Bewick Biographer Wins Literary Prize

By Bob Thompson
Washington Post Staff Writer
Friday, April 18, 2008

The English engraver Thomas Bewick never expected that his vivid, detailed woodcuts of birds and animals would make him famous. And he certainly couldn't have imagined that, nearly 180 years after his death, his English biographer would win an American literary prize.

That's what happened yesterday, however, when the Arts Club of Washington announced that the second annual National Award for Arts Writing had gone to Jenny Uglow's "Nature's Engraver: A Life of Thomas Bewick," published in this country by Farrar, Straus and Giroux.

Uglow, whose long career as a writer and editor has earned her many honors -- among them membership in the Order of the British Empire -- said by telephone from her Canterbury home that she was "really thrilled" by this one, though she hadn't heard of it before.

Bewick is the kind of artist, Uglow said, who gets taken for granted. Nature lovers look at his work but "don't ask where it comes from." As she looked more closely, and began to see how minutely and lovingly observed the engravings were, she found herself asking: "Who is this bloke?"

He grew up in Northumberland, the son of a tenant farmer and collier. His parents, noticing that he loved to draw, apprenticed him as a teenager to a Newcastle engraver. Bewick chose to work with wood rather than the copper engraving more common at the time.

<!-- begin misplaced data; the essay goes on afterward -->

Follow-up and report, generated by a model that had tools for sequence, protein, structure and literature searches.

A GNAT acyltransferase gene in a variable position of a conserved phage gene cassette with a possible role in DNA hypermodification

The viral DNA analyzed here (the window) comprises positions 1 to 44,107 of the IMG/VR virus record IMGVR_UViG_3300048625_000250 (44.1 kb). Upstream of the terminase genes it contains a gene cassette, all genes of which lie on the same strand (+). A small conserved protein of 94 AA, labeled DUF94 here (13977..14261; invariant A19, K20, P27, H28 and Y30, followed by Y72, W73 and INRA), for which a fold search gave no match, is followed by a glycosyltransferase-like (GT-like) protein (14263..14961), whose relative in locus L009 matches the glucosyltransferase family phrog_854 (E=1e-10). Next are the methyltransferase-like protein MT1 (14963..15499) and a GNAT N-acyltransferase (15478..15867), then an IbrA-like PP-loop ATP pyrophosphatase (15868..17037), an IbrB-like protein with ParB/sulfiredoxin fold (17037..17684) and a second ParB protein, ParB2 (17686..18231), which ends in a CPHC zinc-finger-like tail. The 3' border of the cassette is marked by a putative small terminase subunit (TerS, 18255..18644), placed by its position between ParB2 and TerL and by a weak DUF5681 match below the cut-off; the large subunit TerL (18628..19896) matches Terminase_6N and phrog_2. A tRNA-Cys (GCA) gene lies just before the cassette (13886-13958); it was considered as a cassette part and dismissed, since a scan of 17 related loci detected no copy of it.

"He was a workingman, a working engraver," Uglow points out, who supported himself by taking whatever commercial jobs came his way. "The engravings he did of animals and birds were things he did for love in the evening."

Published as "A General History of Quadrupeds," which featured more than 200 engravings of animals, and the two-volume "A History of British Birds," they became his masterpieces.

Asked what surprised her as she researched her subject's life, Uglow said she hadn't fully understood how Bewick's work fit in with the political and cultural currents of the early 19th century.

"His art is political because it's the art of ordinary people," she explained. It is "very much the same thing Wordsworth was trying to do with ballads" by using what the poet called "the language of ordinary men." The grand houses of England boasted big books filled with copper engravings; Bewick wanted "the farmer or the boy at school" to have access to that kind of art, too.

Another surprise was a trove of notebooks filled with the details of Bewick's working life. These offered a "very immediate" sense of a quick-tempered but humorous and generous man.

Uglow's book was selected for the $15,000 award by former poet laureate Robert Pinsky, novelist Jamaica Kincaid and librarian and author Nancy Pearl from a list of books nominated by publishers or suggested by club members. The judges' decision was unanimous.

The writing in "Nature's Engraver" is "down to earth and yet transporting," Pearl said, and Uglow's book "brings this time period alive in a way that even the best historical fiction sometimes fails to do."

The other finalists were Carolyn Brown's "Chance and Circumstance: Twenty Years With Cage and Cunningham"; Nigel Cliff's "The Shakespeare Riots: Revenge, Drama, and Death in Nineteenth-Century America"; William Jelani Cobb's "To the Break of Dawn: A Freestyle on the Hip Hop Aesthetic"; and Alex Ross's "The Rest Is Noise: Listening to the Twentieth Century."

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